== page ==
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Backcountry Nightmares

This page is intended to give some advice to backcountry hikers for some of those problems that we all hope will never happen, but sometimes, inevitably, do. Nobody wants to think about these things, I know I never do, but as the saying goes "By failing to prepare, you are preparing to fail". It is always a good practice to be aware of where you are, of what could happen to you, and to have some sort of plan for how you will deal with it if it does. Sometimes being careful is enough to prevent these problems, but sometimes they happen anyway. If you are hiking solo, as I frequently do, then you need to be extra careful. You're on your own out there and if you run into trouble the only person who is going to help you is yourself.

Personally, my biggest fear when I am traveling the Grand Canyon backcountry are the scorpions. In fifteen years of hiking I have never seen one so I guess I've been rather lucky. Still, I know that they are there and when I think about it, it really bugs me.

Most problems with scorpions can be avoided by common sense and by heeding the advice of the park rangers. If you leave your boots outside your tent at night, make sure you bang them together and shake them out real good before you put them back on. Scorpions like damp places and a pair of boots that have been hiked in for many miles are the perfect home for them. If you've got room inside your tent then you would be even better off to bring them in with you at night. If you're one of those people that don't use a tent in the backcountry then my heart goes out to you, "You're a better man than I am, Gunga Din!"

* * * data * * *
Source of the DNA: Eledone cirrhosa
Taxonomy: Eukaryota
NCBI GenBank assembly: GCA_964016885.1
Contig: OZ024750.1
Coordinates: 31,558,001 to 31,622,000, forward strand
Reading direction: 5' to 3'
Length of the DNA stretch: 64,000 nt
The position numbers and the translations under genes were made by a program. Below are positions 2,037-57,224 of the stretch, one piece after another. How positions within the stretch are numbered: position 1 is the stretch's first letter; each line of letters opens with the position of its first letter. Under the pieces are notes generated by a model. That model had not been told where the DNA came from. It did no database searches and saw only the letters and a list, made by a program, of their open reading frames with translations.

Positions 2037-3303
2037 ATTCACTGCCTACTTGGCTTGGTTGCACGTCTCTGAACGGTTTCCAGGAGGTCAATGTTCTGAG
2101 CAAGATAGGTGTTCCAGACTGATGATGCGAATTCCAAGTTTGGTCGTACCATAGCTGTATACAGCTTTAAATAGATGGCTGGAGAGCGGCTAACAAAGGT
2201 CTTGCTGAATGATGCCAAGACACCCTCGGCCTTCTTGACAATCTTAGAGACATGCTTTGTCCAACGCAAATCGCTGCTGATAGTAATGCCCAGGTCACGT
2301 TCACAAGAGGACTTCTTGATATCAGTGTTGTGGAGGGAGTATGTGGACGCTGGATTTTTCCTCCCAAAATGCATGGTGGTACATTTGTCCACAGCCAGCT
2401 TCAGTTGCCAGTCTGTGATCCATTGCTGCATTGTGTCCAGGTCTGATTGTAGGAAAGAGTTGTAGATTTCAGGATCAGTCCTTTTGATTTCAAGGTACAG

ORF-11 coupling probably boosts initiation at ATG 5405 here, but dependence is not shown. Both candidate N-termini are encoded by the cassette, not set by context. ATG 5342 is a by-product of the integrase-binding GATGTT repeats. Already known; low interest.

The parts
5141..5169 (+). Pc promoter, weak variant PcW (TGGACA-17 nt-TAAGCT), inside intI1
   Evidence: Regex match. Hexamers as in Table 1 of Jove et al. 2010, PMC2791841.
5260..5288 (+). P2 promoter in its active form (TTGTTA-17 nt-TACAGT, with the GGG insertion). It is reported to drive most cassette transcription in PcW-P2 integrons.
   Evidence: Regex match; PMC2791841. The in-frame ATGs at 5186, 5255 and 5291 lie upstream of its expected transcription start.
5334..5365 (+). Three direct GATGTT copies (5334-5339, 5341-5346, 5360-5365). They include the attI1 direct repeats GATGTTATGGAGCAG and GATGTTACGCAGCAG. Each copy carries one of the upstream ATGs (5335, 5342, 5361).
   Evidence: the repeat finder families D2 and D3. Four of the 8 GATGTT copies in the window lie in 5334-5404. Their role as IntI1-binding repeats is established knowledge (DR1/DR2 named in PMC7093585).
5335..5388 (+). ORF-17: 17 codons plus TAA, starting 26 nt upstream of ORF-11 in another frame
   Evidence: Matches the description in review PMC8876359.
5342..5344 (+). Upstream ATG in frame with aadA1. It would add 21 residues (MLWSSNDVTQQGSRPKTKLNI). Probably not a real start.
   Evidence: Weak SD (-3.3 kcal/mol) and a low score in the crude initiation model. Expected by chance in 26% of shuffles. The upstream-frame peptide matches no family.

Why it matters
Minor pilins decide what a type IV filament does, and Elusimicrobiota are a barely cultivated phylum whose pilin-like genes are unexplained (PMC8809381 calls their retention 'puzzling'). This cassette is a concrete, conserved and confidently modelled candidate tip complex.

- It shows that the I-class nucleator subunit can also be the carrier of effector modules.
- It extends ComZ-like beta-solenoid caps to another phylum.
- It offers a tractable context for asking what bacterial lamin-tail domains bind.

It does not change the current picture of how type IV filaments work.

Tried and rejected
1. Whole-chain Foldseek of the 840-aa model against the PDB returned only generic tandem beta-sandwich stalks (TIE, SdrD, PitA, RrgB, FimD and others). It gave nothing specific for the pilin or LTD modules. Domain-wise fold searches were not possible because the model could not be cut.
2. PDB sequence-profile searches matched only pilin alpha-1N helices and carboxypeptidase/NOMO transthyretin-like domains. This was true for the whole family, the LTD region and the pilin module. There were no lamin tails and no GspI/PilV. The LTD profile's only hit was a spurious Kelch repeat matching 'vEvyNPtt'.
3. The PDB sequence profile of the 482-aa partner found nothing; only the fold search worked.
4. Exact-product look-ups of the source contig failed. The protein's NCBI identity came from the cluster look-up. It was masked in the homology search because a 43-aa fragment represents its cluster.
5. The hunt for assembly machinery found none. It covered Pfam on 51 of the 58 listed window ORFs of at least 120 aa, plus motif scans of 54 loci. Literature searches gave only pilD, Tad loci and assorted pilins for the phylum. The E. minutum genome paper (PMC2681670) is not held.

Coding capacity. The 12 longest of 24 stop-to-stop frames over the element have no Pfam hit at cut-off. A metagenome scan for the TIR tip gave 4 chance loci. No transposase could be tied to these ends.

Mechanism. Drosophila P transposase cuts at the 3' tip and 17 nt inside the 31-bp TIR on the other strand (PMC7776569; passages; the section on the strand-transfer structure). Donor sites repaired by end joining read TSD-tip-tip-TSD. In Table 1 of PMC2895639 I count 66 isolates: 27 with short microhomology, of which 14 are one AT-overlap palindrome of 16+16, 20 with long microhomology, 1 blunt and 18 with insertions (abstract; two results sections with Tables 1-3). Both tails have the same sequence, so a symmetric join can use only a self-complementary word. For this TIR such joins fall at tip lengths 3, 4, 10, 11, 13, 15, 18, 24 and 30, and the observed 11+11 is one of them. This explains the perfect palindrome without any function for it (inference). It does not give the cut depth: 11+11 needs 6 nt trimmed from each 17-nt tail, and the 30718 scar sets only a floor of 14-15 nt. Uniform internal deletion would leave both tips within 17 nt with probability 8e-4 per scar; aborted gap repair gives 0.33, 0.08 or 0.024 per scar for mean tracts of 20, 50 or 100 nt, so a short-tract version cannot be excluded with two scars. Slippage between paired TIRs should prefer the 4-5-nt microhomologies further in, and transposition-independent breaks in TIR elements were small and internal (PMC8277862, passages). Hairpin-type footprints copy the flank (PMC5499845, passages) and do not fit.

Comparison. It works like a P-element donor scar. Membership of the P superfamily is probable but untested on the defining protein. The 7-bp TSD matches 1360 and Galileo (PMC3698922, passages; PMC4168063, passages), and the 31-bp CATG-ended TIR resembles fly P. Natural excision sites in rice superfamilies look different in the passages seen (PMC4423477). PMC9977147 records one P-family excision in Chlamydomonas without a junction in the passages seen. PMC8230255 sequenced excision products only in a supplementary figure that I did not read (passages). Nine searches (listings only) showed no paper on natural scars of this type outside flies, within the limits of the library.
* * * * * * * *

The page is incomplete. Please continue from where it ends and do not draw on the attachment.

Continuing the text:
As for some other problems, I asked one of the Backcountry Rangers a series of questions regarding some other problems that might occur. Here are the questions and the responses that I received:

Neither the author nor the National Park Services assumes any responsibility for the advice offered on this page.

Read the bottom line of your BACKCOUNTRY USE PERMIT, it says:


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